Most candidates get some kind of bounce up in the polls after a convention no matter what the eventual outcome is. Walter Mondale did in 1984 and so did George McGovern in 1972 and both of them got walloped in the election the following November. So a bounce is, in the words of the brokerage house disclaimer, not a predictor of future earnings.
Still, it must be disheartening to the Republicans when, after their big blow-out in Tampa, they see that Gallup shows that Mitt Romney got bupkus:
Last week’s Republican National Convention had a minimal impact on Americans’ self-reported voting intentions, with just about as many saying the convention made them less likely to vote for Mitt Romney as say it made them more likely to vote for him.
One theory for this lackluster response that I see rattling through the tubes is that thanks to Twitter, Facebook, texting, blogging, and the constant feed from the cable channels and YouTube, all of the anticipation and surprise has been taken out of the conventions. Voters who are paying attention have already made up their collective mind about the candidates. Nothing they hear coming out of Tampa or Charlotte is going to move the needle.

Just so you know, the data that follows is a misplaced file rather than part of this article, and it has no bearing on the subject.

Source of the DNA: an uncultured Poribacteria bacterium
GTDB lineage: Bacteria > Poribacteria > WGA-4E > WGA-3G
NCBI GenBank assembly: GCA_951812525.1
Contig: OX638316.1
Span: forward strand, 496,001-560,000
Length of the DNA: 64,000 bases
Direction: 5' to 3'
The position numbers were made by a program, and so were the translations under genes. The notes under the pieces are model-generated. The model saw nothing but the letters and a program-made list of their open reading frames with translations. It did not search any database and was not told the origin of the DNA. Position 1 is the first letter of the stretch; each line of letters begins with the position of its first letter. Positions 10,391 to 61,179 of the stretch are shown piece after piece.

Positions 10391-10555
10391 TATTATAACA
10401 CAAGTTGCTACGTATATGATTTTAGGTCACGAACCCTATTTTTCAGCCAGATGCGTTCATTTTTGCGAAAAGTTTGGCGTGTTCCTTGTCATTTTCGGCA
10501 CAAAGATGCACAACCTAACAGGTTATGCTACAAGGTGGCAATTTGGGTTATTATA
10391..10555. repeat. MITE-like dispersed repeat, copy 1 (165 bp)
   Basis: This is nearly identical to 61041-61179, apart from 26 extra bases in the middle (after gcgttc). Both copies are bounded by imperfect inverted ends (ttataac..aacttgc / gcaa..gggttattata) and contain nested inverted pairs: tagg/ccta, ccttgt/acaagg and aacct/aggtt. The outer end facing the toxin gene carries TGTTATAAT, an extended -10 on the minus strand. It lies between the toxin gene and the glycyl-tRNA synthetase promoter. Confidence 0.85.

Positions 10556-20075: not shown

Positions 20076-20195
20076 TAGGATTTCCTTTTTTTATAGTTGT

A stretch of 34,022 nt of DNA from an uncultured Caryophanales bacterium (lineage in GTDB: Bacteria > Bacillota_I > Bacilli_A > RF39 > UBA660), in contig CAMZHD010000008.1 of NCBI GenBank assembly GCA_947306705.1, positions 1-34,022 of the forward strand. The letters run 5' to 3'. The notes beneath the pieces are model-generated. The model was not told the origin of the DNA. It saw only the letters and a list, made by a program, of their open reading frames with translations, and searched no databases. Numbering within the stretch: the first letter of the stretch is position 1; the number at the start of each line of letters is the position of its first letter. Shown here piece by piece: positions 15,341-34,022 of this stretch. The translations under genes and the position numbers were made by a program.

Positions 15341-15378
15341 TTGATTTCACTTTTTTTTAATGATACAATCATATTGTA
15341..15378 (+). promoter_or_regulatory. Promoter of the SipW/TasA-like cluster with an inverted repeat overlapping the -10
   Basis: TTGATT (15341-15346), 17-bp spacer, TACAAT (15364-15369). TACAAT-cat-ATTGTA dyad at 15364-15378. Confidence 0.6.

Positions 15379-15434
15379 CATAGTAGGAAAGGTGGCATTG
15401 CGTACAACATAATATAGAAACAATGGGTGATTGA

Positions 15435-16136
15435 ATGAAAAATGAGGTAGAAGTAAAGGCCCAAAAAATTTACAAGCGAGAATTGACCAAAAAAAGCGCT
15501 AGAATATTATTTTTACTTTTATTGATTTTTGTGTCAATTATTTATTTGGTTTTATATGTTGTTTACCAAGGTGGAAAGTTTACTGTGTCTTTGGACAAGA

That puts the pressure on the Democrats to really come up with something that they think will move the electorate, and I’m sure they’re going to try.